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Elmira church takes up orange ribbons

Sue Campbell with some of the orange ribbons in place at Trinity United Church in Elmira. [Justine Fraser]

Looking to pay its respects to those whose bodies were discovered buried around former residential schools, an Elmira church is encouraging residents to join an orange-ribbon campaign.

Trinity United Church has made available strips of cloth so that the public can tie a ribbon around the railing and offer a prayer. It’s also encouraging people to make donations to Indigenous groups that are working to save the evidence or are working at healing.

The initiative follows recent revelations of bodies discovered in B.C. and Saskatchewan, the most recent discovery where some 751 people are believed to be buried in unmarked graves at the Marieval Indian Residential School, which operated from 1899 to 1997 in the area that is home to Cowessess First Nation.

“Like so many other Canadians, we were shocked to hear the news about the tragedy, discovering all these unmarked graves – even if someone had read the whole truth and reconciliation report, it’s still was very sobering to hear the news,” said Rev. Sue Campbell of Trinity United Church.

“We wanted to respond in some tangible way, and certainly United Church of Canada has made an apology in 1986 – that was the first apology – and another apology to survivors of residential schools and their families.”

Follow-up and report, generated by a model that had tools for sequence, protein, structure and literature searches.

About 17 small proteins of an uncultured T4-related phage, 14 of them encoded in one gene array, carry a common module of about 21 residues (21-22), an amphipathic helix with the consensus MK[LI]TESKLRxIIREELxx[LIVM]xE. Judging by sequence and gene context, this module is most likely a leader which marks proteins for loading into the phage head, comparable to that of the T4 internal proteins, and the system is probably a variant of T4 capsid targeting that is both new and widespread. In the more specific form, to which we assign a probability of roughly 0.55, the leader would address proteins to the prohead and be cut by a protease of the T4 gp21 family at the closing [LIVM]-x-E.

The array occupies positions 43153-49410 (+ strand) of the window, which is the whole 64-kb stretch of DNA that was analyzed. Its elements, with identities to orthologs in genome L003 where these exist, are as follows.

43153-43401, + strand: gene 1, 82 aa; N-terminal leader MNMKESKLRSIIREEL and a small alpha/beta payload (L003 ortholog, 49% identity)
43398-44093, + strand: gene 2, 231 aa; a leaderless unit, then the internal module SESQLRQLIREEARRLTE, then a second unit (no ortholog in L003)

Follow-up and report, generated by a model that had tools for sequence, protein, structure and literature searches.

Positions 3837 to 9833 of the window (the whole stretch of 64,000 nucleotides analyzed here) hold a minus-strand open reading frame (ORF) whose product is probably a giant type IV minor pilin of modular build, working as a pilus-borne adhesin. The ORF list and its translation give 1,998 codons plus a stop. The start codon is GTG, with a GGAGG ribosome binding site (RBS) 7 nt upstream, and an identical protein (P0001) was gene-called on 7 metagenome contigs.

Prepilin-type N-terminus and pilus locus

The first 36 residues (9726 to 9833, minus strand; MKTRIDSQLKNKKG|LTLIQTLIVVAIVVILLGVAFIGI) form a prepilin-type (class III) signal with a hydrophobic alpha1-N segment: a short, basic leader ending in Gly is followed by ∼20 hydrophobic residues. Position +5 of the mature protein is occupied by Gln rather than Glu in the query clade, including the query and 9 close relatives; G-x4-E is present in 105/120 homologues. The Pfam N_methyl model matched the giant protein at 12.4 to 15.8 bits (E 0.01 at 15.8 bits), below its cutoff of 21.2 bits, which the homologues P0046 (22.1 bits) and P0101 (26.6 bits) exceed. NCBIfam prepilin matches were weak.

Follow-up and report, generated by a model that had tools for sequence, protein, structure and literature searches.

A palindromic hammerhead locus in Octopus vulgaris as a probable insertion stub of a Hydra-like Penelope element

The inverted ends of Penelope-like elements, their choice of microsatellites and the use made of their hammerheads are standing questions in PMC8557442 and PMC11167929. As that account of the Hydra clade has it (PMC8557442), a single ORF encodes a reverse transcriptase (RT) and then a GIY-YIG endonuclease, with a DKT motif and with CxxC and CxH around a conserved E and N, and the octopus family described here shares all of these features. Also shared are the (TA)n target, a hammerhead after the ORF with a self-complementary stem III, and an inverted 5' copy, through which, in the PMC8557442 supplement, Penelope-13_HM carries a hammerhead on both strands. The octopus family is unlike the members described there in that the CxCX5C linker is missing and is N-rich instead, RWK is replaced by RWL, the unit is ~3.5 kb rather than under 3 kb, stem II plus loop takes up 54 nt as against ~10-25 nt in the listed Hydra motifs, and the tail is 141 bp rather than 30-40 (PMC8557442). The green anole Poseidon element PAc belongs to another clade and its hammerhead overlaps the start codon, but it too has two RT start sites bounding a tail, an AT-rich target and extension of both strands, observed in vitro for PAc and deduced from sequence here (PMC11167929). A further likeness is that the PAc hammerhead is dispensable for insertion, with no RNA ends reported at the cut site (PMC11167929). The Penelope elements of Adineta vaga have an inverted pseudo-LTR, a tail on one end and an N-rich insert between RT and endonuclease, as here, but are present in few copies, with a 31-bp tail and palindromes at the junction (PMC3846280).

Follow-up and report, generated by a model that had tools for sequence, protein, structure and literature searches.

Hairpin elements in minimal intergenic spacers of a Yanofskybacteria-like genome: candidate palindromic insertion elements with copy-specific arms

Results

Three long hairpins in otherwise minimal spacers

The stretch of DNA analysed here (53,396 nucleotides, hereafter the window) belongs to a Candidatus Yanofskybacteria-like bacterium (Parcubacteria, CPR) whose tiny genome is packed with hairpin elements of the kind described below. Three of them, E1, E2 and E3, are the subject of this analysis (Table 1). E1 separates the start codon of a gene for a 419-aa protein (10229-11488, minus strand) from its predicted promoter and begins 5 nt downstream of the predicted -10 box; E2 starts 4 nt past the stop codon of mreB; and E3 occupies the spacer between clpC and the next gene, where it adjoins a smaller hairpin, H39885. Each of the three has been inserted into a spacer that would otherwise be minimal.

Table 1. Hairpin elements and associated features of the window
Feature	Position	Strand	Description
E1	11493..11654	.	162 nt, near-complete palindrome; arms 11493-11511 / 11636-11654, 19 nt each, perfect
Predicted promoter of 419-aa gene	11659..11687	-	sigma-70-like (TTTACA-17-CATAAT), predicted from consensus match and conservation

In light of the recent residential school findings, the church wanted to have a tangible public witness to raise awareness in the community and to, in a very small way, try to honour those children and their families, said Campbell.

“This is just a small, little memorial. We invite people to take a piece of cloth, to offer a prayer and people who aren’t sure what to say, we’ve written one that they may choose to use.”

“The ultimate goal is reconciliation and all the forms that that means, everything from encouraging the government to keep Indigenous issues at the forefront of their policies – to land issues.”

Campbell said she’d like to see such efforts help  create a stronger sense of community, perhaps leading to action on a longstanding issue.

“I’m so encouraged to see what is beginning to happen across the country as I listen to the news, as people become more aware – I think it’s important to learn each other’s stories so that it creates a stronger sense of community. So, by learning more of the stories of indigenous folks maybe we’ll have a lot more compassion,” she said.

“There’s a box kept just outside the front door and people are welcome to come and take a ribbon, at any time, doesn’t have to be Sunday, and to take a ribbon and tie it. This past Sunday a women took six ribbons because she has six grandchildren and she thought ‘yeah, I can’t imagine that happening to my grandchildren.’ It was some small gesture but it seemed to me like it was a commitment on her part to start to learn more.”

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